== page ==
Mmm Boiled peanuts. These delicious treats can be found all over the South. From roadside stands selling hot bags of them to a standard items at college football tailgates, late summer and fall is boiled peanut season. For the recipe you can head over to Taylor Tailgates Today I am going to use these boiled peanuts as an example to show you how to create a diptych.
If you have been following Taylor Takes a Taste, you probably have noticed I love using diptychs and triptychs to display my images. Having two photos side by side is a great way to convey a message that one photo can’t do by itself. It is a very useful way to show contrast between two subjects, before and after effects of a process, or two different views of one subject.
For today’s example, I decided to use a diptych to show the before and after of boiling peanuts.
To make a diptych you first must plan out your image and decide on what you want your border to be. This involves a little math, but don’t worry it is very simple.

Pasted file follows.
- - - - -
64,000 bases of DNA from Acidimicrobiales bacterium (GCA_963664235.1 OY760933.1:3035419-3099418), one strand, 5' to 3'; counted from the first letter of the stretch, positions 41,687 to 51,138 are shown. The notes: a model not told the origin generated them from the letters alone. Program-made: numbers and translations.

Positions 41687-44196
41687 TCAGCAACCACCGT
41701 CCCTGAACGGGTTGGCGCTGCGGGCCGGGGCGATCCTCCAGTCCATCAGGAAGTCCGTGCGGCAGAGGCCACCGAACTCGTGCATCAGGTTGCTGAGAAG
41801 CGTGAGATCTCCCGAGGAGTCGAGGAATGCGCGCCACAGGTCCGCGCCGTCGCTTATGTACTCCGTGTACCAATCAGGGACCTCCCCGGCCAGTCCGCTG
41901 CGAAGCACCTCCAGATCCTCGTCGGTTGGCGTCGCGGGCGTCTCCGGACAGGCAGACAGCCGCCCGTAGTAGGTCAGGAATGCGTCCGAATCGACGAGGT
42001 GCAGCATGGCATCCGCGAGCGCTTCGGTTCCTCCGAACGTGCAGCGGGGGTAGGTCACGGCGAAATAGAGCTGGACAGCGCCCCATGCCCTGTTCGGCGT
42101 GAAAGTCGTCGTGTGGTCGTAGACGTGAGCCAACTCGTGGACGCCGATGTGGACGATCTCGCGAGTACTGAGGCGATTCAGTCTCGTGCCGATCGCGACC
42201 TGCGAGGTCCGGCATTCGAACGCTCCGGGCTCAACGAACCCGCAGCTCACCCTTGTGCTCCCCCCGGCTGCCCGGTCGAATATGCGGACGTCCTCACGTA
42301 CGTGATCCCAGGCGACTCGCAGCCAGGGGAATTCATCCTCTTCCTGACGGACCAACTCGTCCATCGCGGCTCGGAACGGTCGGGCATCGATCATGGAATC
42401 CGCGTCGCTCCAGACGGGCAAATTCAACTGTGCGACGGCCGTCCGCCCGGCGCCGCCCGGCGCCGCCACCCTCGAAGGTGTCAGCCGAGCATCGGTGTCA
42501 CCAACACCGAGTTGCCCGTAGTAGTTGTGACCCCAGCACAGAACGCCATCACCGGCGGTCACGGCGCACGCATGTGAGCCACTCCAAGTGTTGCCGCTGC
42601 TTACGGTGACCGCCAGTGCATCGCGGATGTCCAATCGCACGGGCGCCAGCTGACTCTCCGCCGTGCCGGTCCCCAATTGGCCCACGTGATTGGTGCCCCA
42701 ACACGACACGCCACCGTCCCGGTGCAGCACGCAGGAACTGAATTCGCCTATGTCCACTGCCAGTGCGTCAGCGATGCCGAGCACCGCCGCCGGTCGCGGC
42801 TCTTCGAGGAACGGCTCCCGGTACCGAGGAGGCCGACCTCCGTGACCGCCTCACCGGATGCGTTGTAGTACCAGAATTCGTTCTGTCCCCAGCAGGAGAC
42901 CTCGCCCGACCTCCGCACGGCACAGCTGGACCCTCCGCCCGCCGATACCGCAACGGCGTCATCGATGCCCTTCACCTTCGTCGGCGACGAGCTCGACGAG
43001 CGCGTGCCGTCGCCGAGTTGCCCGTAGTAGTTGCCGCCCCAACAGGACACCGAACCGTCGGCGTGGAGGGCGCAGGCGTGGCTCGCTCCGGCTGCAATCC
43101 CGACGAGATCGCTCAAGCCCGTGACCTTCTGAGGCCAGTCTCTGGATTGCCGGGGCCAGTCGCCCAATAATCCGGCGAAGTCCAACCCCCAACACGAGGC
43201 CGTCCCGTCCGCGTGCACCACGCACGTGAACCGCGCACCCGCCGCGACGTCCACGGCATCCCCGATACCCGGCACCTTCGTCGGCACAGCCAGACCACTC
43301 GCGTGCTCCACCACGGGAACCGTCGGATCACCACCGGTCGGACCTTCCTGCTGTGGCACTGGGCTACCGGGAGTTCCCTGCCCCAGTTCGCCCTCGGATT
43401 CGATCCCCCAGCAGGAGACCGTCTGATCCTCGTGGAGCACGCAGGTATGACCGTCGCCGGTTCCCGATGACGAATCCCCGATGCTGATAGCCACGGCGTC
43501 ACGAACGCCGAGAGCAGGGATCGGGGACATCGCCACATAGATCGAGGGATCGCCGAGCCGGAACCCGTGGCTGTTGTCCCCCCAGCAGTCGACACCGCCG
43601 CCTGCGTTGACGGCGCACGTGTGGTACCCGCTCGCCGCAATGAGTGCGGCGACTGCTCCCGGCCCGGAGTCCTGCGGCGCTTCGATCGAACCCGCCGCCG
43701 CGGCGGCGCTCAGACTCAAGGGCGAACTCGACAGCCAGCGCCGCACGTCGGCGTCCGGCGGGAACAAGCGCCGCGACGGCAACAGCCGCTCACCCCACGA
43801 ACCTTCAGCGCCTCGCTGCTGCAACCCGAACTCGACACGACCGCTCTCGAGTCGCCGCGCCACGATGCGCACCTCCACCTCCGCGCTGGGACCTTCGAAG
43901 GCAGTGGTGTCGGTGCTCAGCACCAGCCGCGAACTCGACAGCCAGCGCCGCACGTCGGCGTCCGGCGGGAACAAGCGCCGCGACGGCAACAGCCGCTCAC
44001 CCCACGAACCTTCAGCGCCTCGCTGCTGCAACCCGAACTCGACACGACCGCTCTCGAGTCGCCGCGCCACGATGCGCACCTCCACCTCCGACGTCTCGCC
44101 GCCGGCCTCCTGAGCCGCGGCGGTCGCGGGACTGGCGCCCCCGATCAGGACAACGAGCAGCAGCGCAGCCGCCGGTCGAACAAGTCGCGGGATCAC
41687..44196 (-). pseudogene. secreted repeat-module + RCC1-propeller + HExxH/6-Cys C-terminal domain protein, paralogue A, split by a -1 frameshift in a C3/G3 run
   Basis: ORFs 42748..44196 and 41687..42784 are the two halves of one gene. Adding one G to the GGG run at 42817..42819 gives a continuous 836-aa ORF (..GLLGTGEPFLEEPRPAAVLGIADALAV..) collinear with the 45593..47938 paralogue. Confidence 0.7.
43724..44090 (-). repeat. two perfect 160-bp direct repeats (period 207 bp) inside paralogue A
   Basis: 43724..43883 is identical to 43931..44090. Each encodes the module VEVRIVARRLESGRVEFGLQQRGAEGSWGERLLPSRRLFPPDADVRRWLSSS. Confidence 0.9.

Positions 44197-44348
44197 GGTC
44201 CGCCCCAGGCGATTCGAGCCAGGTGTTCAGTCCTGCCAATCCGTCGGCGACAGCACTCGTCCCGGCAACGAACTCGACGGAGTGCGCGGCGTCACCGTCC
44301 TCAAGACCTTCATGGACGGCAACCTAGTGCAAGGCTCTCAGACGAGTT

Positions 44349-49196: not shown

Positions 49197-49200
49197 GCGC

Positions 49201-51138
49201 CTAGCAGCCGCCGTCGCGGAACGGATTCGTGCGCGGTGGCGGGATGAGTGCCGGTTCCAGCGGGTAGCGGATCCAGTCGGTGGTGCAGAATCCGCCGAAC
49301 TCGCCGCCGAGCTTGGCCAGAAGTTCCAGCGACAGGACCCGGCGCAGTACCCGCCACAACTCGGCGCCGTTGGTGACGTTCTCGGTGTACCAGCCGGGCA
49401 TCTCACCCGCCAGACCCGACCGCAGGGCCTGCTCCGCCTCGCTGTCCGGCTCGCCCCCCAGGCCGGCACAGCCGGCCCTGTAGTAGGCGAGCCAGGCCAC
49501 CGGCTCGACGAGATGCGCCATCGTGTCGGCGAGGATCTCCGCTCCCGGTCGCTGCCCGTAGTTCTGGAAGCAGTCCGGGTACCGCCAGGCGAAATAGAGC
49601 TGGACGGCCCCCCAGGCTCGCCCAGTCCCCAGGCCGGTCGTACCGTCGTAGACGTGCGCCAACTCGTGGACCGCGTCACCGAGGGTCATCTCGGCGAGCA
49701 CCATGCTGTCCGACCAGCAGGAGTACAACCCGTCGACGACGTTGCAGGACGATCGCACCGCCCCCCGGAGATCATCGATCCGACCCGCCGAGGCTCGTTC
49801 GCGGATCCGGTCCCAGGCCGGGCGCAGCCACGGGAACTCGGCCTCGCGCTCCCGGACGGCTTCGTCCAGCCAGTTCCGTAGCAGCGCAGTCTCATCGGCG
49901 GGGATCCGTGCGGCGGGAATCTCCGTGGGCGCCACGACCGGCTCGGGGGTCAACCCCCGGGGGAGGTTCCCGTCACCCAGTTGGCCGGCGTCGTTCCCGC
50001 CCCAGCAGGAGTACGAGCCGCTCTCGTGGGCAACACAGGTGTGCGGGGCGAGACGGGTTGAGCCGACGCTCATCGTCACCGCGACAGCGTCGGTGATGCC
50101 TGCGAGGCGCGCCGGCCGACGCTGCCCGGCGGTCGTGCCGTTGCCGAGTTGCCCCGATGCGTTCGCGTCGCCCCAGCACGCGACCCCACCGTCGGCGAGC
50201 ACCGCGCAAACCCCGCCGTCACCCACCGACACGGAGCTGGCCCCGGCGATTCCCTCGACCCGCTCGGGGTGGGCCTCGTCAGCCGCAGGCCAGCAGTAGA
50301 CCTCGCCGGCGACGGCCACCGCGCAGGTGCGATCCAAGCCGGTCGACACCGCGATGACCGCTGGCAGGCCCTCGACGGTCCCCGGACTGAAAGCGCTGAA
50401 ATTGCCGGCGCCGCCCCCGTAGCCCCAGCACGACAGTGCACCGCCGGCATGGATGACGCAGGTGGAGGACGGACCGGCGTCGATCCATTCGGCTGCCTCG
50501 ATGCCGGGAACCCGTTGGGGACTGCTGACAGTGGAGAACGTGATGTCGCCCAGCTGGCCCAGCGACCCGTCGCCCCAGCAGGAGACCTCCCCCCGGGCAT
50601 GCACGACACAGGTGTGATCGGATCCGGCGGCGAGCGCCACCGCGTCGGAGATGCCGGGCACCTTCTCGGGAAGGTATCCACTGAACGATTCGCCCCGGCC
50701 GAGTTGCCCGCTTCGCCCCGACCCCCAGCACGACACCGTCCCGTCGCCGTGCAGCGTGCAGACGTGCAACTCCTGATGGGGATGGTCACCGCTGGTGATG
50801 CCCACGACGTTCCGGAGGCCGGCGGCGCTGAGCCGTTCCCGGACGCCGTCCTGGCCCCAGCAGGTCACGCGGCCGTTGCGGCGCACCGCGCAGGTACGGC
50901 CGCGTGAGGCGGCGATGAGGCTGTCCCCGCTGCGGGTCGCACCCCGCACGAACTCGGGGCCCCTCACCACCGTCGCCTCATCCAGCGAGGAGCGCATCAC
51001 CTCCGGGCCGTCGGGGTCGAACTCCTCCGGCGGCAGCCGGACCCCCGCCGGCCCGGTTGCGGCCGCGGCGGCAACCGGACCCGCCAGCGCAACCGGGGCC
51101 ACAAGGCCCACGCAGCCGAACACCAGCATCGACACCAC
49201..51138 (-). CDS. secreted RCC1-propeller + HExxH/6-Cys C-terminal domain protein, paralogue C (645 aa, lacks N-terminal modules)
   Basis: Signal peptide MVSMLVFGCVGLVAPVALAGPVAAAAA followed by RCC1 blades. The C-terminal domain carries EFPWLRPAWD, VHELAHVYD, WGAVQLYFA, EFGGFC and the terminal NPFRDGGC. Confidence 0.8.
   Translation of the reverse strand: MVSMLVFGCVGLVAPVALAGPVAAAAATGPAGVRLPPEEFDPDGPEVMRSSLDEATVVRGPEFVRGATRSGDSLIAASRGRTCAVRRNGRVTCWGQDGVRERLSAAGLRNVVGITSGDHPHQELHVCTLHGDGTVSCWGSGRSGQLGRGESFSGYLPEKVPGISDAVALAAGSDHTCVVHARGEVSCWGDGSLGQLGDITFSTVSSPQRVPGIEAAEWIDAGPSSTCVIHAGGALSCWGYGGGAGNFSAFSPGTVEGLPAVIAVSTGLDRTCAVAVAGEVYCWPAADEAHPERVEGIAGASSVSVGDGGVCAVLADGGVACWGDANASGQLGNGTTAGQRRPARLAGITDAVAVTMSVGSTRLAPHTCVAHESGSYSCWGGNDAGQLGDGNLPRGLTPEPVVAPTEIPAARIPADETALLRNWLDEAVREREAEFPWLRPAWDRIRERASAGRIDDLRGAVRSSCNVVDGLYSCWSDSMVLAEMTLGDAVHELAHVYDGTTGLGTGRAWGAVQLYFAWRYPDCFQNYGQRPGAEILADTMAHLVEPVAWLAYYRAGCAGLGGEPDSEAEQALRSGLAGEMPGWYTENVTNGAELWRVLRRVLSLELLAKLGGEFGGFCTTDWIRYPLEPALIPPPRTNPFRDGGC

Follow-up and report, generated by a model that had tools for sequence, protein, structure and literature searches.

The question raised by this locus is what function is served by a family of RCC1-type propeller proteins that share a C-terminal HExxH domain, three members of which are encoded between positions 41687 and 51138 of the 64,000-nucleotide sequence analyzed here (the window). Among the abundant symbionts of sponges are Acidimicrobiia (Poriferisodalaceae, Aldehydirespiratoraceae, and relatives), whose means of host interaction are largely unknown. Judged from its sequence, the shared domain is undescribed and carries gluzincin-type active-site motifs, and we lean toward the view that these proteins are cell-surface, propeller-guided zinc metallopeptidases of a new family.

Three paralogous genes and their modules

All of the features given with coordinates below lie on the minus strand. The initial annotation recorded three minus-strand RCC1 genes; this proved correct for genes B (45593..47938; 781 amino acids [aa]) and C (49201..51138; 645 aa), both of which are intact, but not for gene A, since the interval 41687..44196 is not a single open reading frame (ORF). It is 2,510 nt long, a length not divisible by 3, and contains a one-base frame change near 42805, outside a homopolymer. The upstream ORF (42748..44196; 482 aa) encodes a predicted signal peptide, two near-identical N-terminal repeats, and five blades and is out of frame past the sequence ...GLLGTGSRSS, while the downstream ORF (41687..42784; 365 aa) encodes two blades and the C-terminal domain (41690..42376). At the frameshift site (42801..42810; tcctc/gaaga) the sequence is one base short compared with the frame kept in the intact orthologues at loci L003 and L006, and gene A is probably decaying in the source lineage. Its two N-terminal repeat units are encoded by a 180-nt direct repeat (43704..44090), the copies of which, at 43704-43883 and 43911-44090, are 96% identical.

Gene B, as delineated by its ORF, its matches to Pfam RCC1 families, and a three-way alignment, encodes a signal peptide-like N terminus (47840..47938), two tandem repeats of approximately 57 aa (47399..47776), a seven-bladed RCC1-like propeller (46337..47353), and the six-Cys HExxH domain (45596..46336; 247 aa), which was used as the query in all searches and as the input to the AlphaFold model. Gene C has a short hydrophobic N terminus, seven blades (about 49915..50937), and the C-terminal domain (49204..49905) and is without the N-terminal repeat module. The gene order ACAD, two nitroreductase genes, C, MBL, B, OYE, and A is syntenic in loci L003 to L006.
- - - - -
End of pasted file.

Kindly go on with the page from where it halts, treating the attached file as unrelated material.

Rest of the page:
First you need to know your final image size.
For the left and right, I decided that I wanted a border of 45pixels.
Our new image size of 810×540. When creating a diptych with two vertical images, we will resize those images to our new height of 540. Again, you can use whatever number work for your blog or final output size, but remember to account for bot the top and bottom when figuring out the height and the left and right when figuring out the width.
Now that you know what your dimensions are. Time to make the diptych. Instead of writing it out, I found it was easier to show you. Here is a video of how I made this diptych.
If you have never used diptychs before I hope you give them a try! They are a fun way of displaying your work.